Once upon a time, in a land far, far away, the stepmother was ugly but good, and the princess was beautiful but mean! What would you do if you could rewrite the classic stories of your childhood? What if Cinderella forgot to leave the ball at midnight, the prince hated her in peasant clothes and the whole kingdom laughed her out of the palace? What if they thought she was a witch because she transformed herself, and that she ought to be drowned? What if all that time spent sweeping the chimney gave her consumption and the spoiled prince couldn’t stand the sound of her coughing? What if they didn’t actually get on very well and fought constantly? What if Cinderella had fallen for a princess instead?
Here are some broader questions about storytelling, which we will answer in this article:
* Why is storytelling experiencing a dynamic revival and how is that relevant to coaching?
* Why do we love stories so much and how can they transform our lives and business?
* What is the role of storytelling in coaching and why is it becoming such a hot topic in business?
Storytelling is an age-old tradition in every culture. It happens in many different settings, around the fire, over the washing of clothes in the river or by the well. It is the way people have connected and shared their lives with each other since the beginning of time. Throughout the generations, communities have passed down their stories from parent to child, preserving their history and culture, recording their experiences. In The Springboard: How Storytelling Ignites Action in Knowledge-Era Organizations, author Stephen Denning says, “Stories provide continuity in our lives, conveying a sense of where we have come from, our history and our heritage.through stories, our values and principals have been passed from one generation to another.”
We now live in a world where there is a huge reliance on technology and where there is a vast amount of knowledge on every subject readily available to huge populations of people. In spite of this, or perhaps as a result of this, storytelling as an art form is in the midst of a revival world-wide. People are craving the simplicity of traditional storytelling. Annette Simmons in The Story Factor says, “Information simply leaves us feeling incompetent and lost. We don’t need more information. We need to know what it means. We need a story that explains what it means and makes us feel like we fit in there somewhere.”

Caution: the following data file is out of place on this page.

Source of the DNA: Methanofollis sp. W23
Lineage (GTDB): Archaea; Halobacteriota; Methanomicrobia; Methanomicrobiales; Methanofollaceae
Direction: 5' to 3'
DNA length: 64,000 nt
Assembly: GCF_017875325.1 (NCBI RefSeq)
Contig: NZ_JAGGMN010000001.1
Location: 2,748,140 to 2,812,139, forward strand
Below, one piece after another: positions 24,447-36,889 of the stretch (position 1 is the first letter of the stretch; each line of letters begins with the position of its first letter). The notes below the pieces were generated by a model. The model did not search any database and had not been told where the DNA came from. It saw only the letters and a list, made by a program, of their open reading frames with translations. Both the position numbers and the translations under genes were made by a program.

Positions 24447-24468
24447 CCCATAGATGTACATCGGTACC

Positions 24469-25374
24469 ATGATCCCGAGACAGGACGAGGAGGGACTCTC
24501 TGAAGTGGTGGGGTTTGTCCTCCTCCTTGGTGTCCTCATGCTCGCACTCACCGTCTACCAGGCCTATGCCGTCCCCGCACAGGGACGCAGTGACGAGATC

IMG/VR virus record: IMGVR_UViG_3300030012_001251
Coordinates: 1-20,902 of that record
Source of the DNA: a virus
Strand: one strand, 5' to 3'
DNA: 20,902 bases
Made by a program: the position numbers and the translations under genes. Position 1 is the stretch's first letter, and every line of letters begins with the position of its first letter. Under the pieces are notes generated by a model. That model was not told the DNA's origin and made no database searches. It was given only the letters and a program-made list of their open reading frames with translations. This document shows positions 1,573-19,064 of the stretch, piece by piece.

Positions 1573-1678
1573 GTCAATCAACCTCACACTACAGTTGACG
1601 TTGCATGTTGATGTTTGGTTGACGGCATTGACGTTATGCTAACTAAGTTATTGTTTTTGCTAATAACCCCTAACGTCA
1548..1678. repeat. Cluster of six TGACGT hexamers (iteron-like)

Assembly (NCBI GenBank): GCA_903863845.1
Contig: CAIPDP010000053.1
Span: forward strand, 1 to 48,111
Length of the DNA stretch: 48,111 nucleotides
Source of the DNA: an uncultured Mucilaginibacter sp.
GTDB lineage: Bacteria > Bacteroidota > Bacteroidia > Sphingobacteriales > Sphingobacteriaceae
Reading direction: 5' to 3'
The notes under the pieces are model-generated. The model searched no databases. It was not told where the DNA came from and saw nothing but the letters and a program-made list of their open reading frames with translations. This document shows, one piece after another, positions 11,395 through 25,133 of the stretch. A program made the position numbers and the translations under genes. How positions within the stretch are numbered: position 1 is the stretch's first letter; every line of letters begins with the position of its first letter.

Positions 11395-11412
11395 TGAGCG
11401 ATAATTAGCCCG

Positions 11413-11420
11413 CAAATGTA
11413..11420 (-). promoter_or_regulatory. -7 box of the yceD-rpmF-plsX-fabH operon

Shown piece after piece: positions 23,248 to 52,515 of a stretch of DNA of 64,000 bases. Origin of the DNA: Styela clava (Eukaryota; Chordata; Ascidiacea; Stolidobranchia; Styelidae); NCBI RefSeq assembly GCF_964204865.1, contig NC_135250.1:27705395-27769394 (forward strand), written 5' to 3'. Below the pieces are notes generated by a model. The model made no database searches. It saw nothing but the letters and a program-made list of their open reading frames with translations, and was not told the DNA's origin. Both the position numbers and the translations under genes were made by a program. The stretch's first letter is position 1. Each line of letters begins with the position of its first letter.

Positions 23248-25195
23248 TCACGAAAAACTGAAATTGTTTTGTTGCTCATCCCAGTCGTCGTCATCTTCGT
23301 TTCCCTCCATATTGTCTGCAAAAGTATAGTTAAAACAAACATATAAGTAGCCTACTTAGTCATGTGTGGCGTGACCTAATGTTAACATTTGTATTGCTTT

We are fascinated by stories and instinctively understand and experience the power of both telling and listening to stories. Storytelling is being used more and more in therapeutic environments, increasingly recognised as a powerful tool to help people better understand themselves and make positive changes in their lives. There has been an explosion of interest in social media, human development, and coaching as a profession; people are searching for connection on so many levels; they are looking for truth and a sense that their life has meaning. “When you tell a story that touches me, you give me the gift of human attention – the kind that connects me to you, that touches my heart and makes me feel more alive..We crave something that is real or at least feels real…”, according to Annette Simmons in The Story Factor. Storytelling is the perfect complement to the coaching process, helping us answer the questions we bring into coaching. On one level, storytelling gives the coach an additional tool to get to a level of understanding or awareness which may be inaccessible to the client. This level may be blocked for many reasons; through listening to a story, the client can hear and subsequently deal with more difficult issues.
On another level, we are all storytellers and our narrative is the story of how we talk of our lives. As we experience life, we “tell” it. We pass along almost every event that happens to us-as an anecdote, complaint or amusing tableside story-sometimes lightly and sometimes purposefully and with interpretation. And in the “telling,” in the narrative we choose, we define the experience. When we look closely at the narrative and examine the stories we choose to tell, we begin to understand how committed we can become to these stories. We also understand the fascinating potential to create new and better stories-stories that empower us and allow us create a more fulfilling reality.
Businesses in every industry, including coaching, are discovering that as we develop our storytelling skills, we learn how to better market our services by creating our own compelling story-the authentic story of what we can offer. It is the story that people remember, it is the story that has the potential to attract clients, it is the story that is becoming increasingly recognized as an effective business tool.
Likewise, as we develop advanced “storylistening” skills, we can better understand the stories that our prospective clients tell us. From that, our sales and marketing process becomes more exact and this helps us grow our business and break through to a new level of success.© Copyright 2010 Lisa Bloom